If you were, for some reason, hoping to download CM File Manager or Kika Keyboard, I have some bad news. A report last week claimed that Cheetah Mobile and an associated company called Kika Tech were engaged in some shady advertising practices, and now Google has responded. These two apps have been suspended from the Play Store, and Google may still take further action.

App analytics firm Kochava claimed last week that Cheetah Mobile and Kika both engaged in so-called "click fraud" by claiming credit for app installs even when they didn't show an ad. Cheetah Mobile blamed a third-party SDK for the issue, but Kochava says Cheetah develops the offending SDK. Google initiated an investigation following the report and has removed CM File Manager (cache) and Kika Keyboard (cache). Cheetah Mobile's file manager had more than 50 million downloads, and the keyboard was north of 100 million. Cheetah Mobile also voluntarily removed its Battery Doctor and CM Locker apps from the Play Store following the initial report.

The companies can appeal the ban if they make changes to the apps that bring them in-line with developer policies, but this could be just the start. Google noted in a statement to Buzzfeed News that it expects to take further actions against the developers. Cheetah issued a press release after the removal to explain that losing CM File manager was no big deal. However, Kochava also pointed the finger at big money-makers like Clean Master. That's one of the most downloaded apps in the Play Store—removing it for fraud could force Cheetah Mobile to get its house in order.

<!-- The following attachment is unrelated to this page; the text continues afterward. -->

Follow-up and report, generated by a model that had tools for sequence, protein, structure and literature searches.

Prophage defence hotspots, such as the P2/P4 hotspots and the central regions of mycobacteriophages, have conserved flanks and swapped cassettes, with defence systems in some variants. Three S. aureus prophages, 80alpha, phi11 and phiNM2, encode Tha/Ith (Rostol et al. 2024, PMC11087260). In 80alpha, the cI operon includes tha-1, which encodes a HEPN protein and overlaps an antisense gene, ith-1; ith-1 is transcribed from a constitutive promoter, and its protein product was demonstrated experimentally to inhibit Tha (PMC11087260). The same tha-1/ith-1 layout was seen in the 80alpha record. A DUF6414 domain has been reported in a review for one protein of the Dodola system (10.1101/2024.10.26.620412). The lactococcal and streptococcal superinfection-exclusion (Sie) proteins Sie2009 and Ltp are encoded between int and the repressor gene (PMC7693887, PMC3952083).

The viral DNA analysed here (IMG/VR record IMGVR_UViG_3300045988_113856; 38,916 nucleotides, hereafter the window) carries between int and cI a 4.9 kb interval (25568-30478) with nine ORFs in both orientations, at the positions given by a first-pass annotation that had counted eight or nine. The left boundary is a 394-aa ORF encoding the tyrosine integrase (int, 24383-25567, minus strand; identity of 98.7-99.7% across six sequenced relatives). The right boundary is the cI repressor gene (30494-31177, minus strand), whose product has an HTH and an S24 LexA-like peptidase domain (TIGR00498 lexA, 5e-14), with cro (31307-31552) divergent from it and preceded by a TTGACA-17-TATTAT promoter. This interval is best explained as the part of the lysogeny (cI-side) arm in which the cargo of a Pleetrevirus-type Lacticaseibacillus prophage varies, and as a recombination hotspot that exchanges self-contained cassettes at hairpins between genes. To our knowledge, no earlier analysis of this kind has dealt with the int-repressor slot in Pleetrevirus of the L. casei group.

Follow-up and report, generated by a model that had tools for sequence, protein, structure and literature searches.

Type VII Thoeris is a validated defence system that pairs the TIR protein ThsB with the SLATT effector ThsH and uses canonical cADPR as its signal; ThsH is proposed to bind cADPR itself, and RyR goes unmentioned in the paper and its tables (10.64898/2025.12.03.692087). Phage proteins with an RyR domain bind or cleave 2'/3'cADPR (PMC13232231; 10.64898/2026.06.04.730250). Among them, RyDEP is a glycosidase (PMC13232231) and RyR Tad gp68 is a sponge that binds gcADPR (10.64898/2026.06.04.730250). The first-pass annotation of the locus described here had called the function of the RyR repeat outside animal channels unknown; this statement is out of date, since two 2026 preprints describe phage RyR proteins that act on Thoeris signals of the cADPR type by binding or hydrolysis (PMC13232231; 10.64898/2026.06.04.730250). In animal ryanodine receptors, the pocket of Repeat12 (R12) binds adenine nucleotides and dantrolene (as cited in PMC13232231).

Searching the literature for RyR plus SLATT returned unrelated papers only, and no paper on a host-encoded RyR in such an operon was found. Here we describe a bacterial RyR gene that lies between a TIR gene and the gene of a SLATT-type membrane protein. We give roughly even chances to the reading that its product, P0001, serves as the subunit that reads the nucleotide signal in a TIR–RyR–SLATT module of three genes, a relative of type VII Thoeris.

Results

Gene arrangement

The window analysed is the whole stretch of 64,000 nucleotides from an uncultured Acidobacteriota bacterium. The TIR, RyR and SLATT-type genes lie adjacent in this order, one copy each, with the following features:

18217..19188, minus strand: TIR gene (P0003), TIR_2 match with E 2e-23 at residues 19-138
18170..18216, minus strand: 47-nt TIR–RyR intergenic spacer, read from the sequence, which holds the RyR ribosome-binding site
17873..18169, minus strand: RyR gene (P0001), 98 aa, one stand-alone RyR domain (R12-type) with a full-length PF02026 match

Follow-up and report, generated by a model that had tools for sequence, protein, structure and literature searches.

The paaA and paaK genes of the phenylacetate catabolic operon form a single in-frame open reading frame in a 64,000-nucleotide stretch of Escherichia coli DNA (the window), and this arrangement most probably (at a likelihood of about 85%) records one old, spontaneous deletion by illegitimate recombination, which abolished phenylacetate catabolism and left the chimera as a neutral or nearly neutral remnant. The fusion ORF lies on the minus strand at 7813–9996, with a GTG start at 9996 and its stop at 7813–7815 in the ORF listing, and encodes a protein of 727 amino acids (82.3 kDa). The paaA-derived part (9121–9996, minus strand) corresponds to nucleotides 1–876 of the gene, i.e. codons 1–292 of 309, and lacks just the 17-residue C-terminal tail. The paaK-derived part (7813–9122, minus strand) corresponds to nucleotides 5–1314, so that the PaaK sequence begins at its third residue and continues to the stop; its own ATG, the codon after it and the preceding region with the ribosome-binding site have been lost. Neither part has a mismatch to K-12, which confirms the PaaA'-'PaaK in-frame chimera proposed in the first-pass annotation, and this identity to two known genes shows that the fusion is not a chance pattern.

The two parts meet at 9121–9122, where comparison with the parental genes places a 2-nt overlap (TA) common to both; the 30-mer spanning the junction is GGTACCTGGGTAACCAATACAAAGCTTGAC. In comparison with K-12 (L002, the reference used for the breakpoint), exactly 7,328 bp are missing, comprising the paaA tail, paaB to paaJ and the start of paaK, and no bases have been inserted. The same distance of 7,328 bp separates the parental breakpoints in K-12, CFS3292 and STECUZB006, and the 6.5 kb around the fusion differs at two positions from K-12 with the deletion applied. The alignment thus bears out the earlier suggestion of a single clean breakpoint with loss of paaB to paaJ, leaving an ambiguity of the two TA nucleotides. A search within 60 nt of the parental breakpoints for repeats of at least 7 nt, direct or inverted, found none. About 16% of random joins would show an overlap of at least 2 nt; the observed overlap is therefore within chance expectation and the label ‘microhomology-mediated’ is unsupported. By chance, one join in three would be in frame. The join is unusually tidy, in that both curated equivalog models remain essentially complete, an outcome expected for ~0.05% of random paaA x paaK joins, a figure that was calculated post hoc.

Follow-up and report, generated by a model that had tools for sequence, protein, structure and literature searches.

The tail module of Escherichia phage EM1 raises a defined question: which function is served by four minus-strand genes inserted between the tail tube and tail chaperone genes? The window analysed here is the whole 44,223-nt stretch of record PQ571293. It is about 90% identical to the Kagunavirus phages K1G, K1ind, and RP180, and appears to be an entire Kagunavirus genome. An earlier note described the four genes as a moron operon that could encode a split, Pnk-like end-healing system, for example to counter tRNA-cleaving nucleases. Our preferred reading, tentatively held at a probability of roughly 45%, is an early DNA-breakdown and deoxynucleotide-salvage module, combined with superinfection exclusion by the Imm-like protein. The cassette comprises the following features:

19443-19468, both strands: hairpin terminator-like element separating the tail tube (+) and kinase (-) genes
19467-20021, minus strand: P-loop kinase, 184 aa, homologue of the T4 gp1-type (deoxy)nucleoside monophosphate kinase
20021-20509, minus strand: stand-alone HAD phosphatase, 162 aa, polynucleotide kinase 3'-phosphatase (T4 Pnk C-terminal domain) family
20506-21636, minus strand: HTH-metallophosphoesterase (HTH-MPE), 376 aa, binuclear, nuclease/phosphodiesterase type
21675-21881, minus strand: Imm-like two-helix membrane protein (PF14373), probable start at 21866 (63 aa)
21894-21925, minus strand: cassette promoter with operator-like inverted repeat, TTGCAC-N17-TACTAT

Google post

Google has posted an update on its investigation into the abuse. Here's the current state of things.

  • On Monday, we removed two apps from the Play Store because our investigation discovered evidence of app install attribution abuse.
  • We also discovered evidence of app install attribution abuse in 3 ad network SDKs. We have asked the impacted developers to remove those SDKs from their apps. Because we believe most of these developers were not aware of the behavior from these third-party SDKs, we have given them a short grace period to take action.
  • Google Ads SDKs were not utilized for any of the abusive behaviors mentioned above.
  • Our investigation is ongoing and additional reviews of other apps and third party SDKs are still underway. If we find evidence of additional policy violations, we will take action.